10 Resume Mistakes
January 27, 2012 by staff
10 Resume Mistakes, If your job search has started to gather dust and cobwebs, it’s time to see if you might be making any of these common job search mistakes.
As a job search coach, I hear a lot of “why it’s not my fault” stories to explain a job search that has lots its motivation and momentum.
“The economy is bad, there aren’t enough jobs to go around, I’m being unfairly treated because of I’m (fill in the blank).”
There are plenty of external circumstances people can come up with.
Usually, though, the problem is that something isn’t right about how the person is going about looking for a job.
In other words, it’s usually their own darned fault, and they don’t know it.
See if you recognize yourself in these ten common job search mistakes that can really slow down your progress:
1. Not knowing what you want.
“I’ll do anything” is not a job search strategy. Employers are looking for people who have a purpose and vision, so before you apply to another job, get very clear on exactly what kind of job you are qualified for, and what kind of job fits the career you are building.
2. Having a mediocre resume.
All a company has to go by is your resume, so if it looks ordinary, sloppy and boring, they’re going to figure that you’re ordinary, sloppy and boring, too. Invest your effort into creating a strong resume that represents you in the best possible way.
3. Not spending enough time on your search.
I’m not in the “looking for a job is a fulltime job” camp, but you sure as heck aren’t going to find a job if you only spend an hour or if you get sucked into daytime TV. Schedule your job search time every day at your most productive time, and stick to your schedule. You can get a lot done in three or four focused hours.
4. Trying to do it all by computer.
In the age of online job postings and applications, it may seem that time at the computer is productive job search time, but if you’re not out there actually talking to people, you’re never going to get hired. Be efficient with your computer time, and then get out there and start meeting people, putting faces with names and developing human connections.
5. Avoiding networking events and conferences.
Online networking can do a lot, but face-to-face connections are far more likely to uncover a potential job for you. Conferences, trade shows and networking events are where the people you need to know are going to be, so you need to be there, too. If you’re shy, do it anyway. Your participation in professional events shows your commitment, and one direct connection at a business event could produce the biggest break of your career.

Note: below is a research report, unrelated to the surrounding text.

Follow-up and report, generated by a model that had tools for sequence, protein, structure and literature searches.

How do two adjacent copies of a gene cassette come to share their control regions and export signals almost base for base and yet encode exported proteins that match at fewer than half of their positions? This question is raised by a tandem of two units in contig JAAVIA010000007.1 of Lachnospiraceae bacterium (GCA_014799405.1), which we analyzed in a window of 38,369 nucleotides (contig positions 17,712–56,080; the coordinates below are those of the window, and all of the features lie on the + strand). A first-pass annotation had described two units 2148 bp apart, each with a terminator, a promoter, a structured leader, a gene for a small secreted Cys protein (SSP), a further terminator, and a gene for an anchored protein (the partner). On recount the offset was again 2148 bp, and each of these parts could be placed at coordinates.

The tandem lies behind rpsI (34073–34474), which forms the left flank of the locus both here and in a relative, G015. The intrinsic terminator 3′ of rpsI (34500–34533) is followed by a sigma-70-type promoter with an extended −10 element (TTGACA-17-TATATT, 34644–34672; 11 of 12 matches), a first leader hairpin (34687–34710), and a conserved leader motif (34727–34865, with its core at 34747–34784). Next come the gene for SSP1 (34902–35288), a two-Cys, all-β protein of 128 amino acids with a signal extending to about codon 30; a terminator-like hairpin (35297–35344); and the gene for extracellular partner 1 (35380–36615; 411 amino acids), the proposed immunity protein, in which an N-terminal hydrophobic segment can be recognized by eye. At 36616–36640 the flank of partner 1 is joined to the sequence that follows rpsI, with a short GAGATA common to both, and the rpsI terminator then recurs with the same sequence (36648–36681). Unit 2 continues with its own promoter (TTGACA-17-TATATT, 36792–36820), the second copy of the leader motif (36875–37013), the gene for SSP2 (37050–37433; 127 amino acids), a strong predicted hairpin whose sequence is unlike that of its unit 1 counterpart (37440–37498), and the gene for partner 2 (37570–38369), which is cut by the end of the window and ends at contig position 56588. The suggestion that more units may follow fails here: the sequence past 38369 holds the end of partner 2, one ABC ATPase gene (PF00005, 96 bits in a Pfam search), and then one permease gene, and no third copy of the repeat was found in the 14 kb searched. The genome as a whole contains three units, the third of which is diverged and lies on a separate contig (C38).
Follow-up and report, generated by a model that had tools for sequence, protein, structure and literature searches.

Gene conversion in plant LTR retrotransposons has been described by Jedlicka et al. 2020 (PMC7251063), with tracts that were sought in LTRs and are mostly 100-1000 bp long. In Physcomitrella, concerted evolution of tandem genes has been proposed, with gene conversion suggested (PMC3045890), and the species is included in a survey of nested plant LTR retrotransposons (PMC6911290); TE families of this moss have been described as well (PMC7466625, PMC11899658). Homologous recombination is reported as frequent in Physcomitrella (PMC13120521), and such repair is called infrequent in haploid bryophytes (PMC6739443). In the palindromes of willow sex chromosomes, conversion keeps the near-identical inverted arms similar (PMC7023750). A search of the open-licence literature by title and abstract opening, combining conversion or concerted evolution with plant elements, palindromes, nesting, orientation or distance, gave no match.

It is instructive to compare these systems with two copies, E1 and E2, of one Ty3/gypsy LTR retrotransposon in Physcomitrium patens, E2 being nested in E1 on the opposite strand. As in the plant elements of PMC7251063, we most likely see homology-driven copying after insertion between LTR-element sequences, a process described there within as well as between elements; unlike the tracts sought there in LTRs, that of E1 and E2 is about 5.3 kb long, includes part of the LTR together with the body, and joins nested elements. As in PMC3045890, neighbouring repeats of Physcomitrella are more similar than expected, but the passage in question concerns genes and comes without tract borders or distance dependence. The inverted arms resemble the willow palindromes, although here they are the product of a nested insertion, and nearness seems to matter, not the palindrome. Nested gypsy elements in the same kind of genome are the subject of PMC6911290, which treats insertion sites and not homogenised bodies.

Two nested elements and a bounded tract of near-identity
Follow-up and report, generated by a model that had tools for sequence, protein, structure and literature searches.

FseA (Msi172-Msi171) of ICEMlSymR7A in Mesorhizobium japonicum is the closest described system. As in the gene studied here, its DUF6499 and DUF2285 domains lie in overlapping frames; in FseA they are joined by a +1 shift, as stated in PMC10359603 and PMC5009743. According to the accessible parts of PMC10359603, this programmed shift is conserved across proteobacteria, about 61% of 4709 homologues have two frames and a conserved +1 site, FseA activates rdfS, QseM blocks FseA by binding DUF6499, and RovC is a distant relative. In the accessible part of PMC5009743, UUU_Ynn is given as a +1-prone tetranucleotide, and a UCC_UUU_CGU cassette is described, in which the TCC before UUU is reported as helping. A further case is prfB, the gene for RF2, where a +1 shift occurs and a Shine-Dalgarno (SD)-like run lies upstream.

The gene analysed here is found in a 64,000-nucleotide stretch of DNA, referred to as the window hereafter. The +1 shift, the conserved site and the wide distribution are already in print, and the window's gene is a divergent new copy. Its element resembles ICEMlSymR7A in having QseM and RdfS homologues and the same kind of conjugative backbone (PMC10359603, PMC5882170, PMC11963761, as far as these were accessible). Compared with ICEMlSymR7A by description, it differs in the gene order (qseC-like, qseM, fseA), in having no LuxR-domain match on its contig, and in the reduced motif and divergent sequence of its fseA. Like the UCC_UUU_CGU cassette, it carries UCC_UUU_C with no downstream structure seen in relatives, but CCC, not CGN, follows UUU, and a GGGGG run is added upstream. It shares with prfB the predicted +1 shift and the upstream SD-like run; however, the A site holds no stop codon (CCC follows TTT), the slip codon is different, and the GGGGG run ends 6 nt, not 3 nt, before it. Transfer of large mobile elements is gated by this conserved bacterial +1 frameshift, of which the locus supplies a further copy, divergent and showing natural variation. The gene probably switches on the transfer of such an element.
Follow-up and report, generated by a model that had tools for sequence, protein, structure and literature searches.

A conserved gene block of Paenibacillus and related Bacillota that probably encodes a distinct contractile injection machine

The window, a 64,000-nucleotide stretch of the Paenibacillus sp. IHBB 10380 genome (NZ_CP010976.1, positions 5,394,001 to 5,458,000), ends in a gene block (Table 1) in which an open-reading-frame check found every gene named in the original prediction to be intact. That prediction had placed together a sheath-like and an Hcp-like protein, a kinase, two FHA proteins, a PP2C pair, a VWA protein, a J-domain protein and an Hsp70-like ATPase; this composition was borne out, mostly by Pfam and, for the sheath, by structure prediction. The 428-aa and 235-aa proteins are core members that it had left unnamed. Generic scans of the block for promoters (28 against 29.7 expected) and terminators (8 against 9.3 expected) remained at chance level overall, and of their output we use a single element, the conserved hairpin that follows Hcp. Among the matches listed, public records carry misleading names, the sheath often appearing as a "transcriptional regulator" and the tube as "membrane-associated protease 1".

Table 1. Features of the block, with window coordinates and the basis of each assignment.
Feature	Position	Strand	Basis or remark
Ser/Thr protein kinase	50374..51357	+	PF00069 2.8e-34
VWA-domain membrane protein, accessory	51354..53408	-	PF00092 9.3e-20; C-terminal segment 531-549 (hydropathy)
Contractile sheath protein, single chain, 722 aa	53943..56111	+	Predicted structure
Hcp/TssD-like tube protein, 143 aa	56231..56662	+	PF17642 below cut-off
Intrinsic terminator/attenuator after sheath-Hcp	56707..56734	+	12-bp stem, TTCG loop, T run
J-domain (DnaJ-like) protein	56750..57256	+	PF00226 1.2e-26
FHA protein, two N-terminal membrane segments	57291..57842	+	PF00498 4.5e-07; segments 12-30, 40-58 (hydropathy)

6. Resisting new technology.
The world of job searches is constantly evolving, and you need to evolve with it. For today’s job search, you need be on LinkedIn, know how to Twitter and text, become a master of online searches, interface with hiring software, and it’s probably a good idea to take a course or two about the latest in technology in your field. If you want a new job, you have to be willing to learn new things.
7. Blasting resumes out hoping something clicks.
Stop wasting your time, and the company’s time, applying to jobs just because it’s easy. Clicking the “submit” button for a job posting if you haven’t even bothered to read the description and carefully consider if it could be a good job for you… that’s just pushing buttons. Better to send one quality customized resume and personal cover note than ten random jobs you’ll never get.
8. Not planning how to present and sell yourself.
Each step of a job search is a chance for you to sell yourself into the job, yet many people can’t even articulate why someone would want to hire them. You need to know what you bring to the table, and what you’ll add to a company’s bottom line, and be able to talk about it enthusiastically and persuasively.
9. Not trying to connect to the hiring manager.
HR and recruiters are important in the process, and you must follow their directions, too, but you should also be trying to get your resume in front of the hiring manager. This could mean enlisting the help of a LinkedIn connection to make an introduction, or a little footwork to get the name and send a resume directly to the hiring manager, who will review it with a different eye than a recruiter.
10. Letting your frustration, cynicism or negativity show.
I know, it sucks to job hunt. There’s a lot of rejection, and a lot of uncertainty and loss of feeling of power, and if it’s taking a long time, it could affect you emotionally. But you have to do everything you can to keep that from happening, because the more frustrated or negative you become, the less anyone will want to hire you. Your top job search priority: keep your attitude positive and a smile on your face.
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